Haifa is a different story. The Ra'ad Wahad, the Thunder 1, is longer range -- bigger. The hole a katyusha blows is no more than thirty centimeters in diameter, a foot; a Ra'ad tore the roof off of a warehouse, leveled two floors of a building in Bat Galim. This is the reason the attack is an escalation: not just because of the range, but because of the size of the munition. (Some people think the missiles are Ra'ad rockets; others Fajr Arbiye or Hamsa. No one was saying on the Israeli news, and both missiles are of Irani manufacture.)
Nonetheless, grocery stores are open, some cafes are open. Oh, how I miss my favorite falafel, which might also be open! The staff are returning to the Technion. My friends -- Gilad included -- are going back soon. (Gilad is in fact a saint, since he'll be packing up my things and sending them along.)
This all begs the question: "If all of these weapons are so weak, why is Israel responding with such force? This seems unreasonable, uneven, unfair." Israel is big and powerful; it can blockade a country of its own size in a few hours. Hizbollah has around 4,000 militants; perhaps half of Israel could be called up for Army duty.
But the Israeli force is targeted,not just looking to kill. Katyusha batteries are bombed shortly after missiles are launched; this way nearly 30% of Hizbollah's attack capacity has been eliminated. Citizens are caught in the blast, as Hizbollah forces people to stay near installations in the South, keeps villages hostage. The situtation is complicated and tragic.
And from afar, I would say, "Let them take a pot shot. It's not doing a lot, let them waste their resources. They'll be embarrassed." I said this to Israelis when Kassam rockets flew from Gaza into empty fields near Sderot. They laughed, or were angry. You can't let someone attack you, they argued, and not respond. All that does is invite more attacks, make you seem weak.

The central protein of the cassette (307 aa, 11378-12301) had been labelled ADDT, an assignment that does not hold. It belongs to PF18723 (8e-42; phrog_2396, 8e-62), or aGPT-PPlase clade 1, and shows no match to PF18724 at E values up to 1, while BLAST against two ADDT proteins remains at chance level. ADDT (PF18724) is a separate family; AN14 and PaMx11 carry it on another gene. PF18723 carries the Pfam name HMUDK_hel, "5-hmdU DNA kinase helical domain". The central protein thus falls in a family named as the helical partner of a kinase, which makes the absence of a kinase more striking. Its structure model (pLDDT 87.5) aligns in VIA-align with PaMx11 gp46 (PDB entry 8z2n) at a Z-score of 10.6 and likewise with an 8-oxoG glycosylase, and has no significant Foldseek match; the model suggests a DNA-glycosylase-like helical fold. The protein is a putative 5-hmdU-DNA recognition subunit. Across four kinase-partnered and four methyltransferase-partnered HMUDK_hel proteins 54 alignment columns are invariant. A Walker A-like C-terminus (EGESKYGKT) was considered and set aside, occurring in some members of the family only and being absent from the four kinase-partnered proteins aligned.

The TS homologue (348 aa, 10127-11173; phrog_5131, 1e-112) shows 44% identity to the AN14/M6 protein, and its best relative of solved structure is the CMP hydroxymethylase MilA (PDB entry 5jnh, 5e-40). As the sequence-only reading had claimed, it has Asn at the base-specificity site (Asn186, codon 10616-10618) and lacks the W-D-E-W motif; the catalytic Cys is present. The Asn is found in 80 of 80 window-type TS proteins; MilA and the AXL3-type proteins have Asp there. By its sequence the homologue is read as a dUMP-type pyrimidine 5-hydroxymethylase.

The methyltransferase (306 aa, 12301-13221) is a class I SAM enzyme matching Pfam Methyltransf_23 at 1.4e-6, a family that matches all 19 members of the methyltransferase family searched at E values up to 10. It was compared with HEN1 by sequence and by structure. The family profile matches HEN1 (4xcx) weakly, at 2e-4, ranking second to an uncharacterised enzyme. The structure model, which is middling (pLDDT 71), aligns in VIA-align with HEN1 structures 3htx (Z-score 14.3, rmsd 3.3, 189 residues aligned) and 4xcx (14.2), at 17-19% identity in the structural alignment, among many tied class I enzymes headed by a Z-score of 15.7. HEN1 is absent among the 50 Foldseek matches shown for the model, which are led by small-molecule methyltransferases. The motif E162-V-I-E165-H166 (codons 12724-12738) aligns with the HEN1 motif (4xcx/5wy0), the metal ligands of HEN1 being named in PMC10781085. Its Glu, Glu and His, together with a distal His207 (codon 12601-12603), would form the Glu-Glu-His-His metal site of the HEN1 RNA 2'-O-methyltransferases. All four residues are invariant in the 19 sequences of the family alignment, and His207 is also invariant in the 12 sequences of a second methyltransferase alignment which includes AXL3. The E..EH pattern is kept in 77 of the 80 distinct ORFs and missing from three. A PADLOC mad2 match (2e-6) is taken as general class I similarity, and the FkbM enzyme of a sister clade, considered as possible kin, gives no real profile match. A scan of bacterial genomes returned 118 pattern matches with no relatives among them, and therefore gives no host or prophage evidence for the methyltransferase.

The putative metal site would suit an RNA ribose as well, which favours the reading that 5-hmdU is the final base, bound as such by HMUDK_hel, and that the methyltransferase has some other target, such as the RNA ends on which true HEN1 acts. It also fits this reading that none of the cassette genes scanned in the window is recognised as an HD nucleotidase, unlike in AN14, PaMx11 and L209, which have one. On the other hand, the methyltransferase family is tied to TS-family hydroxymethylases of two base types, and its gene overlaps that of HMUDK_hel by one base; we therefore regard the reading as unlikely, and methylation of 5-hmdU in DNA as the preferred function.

When I called my girlfriend to tell her that I was alright, she was mad. "I can't believe they're doing this. Doesn't either side realize this isn't going to get them anywhere?" I was taken aback. This was one of the first things out of her mouth. Didn't she care that rockets were being shot at my city, at me? It doesn't seem ugly
to me at all to worry first about my family and well-loved friends in Haifa before I worry about politics, or Lebanon, or what France thinks.
Now I agree with many of the Israelis -- lefties themselves, but with a caveat: when you are attacked, and your attacker smugly claims to be the first defeat you, you cut him down. He can be the smallest little nothing, but you stop him. And I hope you who read this understand that I'm as pacifistic as can be, am against the war in Iraq, want Israel out of Gaza and eventually out of the West Bank. But some positions are only tenable from a distance.
It feels good to be back. My mom went a little crazy, insisted I return early. I flew first class: the duck was overdone, but everything else was perfect. I'm well rested and performing some of the East Coast rounds.
I can't think enough of my friends back at home. Gilad is the greatest, packing up my things for me. He must be very pleased that I left my narguileh behind. Yaniv is still very shaken, but I'm sure he's calmer by now -- his grandparents seem to make him nervous, since they keep the news on all the time. Camli went down to Tel Aviv to work -- the companies are paying 150% time for workers, plus hotel rooms. She's only been to Tel Aviv twice before, so Liora is showing her around. What a shame! Even inside Israel's borders, Arabs don't get a fair deal. (See? I told you I was a lefty.) Walid visited home, but headed back to the Technion to get work done.
And to think, I was complaining to Liora only weeks ago that Israel was boring, and that I wouldn't miss it. Israel is an exciting place, full of energy and hope that I can barely believe; and to miss it? The easiest thing in the world.